The term “immediately” means “within three business days” regarding the depositing of escrow funds in Florida. A broker must deposit escrow funds into an insured escrow or trust account at a bank, savings and loan association, trust company, credit union or title company. Per Florida Administrative Codes, at least one broker must sign off on an escrow account.
Property or money held in escrow means that a third party is overseeing the holding of the funds or property on behalf of transacting parties, which, in real estate, are typically the buyer and seller. If a brokerage is maintaining an escrow account, the agency must produce a monthly reconciliation statement. Even if a certified public accountant prepares the statement, the brokerage is ultimately responsible for the funds in the escrow account.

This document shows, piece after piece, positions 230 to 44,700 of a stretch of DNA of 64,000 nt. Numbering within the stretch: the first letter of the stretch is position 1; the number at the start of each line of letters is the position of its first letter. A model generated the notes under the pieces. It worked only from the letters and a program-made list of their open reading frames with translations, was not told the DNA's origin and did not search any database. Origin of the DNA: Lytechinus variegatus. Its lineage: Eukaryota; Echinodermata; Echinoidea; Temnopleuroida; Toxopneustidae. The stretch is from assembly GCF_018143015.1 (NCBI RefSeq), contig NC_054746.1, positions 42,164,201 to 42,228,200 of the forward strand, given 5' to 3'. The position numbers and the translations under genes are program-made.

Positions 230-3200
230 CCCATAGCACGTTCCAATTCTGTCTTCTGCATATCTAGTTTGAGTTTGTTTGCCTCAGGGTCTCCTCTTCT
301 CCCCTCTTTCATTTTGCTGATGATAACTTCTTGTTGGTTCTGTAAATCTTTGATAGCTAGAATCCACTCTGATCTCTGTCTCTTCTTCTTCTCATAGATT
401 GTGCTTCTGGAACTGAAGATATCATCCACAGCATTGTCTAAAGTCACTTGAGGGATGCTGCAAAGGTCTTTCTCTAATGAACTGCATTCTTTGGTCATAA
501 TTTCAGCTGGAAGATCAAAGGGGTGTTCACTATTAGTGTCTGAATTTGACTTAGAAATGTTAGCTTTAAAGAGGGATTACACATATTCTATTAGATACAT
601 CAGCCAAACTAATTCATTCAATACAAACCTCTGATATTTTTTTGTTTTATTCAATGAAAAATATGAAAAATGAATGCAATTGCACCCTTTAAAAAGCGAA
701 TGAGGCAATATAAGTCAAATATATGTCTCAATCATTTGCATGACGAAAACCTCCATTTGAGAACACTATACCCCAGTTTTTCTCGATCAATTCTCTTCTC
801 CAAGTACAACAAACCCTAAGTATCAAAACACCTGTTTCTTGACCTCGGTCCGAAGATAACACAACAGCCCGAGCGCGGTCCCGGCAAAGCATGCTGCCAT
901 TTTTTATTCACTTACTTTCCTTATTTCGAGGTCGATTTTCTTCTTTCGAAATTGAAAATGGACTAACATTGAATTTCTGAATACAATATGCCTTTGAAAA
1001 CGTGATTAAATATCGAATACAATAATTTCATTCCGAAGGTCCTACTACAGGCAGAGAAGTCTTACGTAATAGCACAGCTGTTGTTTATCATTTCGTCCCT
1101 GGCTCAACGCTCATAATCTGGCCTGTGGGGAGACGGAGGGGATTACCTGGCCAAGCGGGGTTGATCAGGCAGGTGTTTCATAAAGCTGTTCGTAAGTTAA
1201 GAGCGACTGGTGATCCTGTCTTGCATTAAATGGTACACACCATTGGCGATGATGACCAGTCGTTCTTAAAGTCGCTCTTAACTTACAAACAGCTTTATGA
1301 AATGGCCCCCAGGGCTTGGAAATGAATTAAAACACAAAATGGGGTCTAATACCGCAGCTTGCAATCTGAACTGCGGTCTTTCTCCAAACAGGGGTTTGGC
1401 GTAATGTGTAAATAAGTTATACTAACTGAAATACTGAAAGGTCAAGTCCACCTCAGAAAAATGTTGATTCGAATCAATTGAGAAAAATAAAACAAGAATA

When escrow conflicts arise, sparking real estate disputes
If a demand is made for funds or property held in escrow, the broker in question must notify the Florida Real Estate Commission. A brokerage typically has 15 days to do so. If transacting parties do not submit matching written instructions for the release of the deposit, legal steps may be taken.
If an escrow dispute exceeds $50,000 in property or funds, the deposit will be transferred to the local clerk of courts. An ongoing dispute does not prohibit a seller from advertising or selling the house or land for sale. Escrow disputes are often complex, which is why it is wise to seek assistance from a real estate attorney when a dispute arises.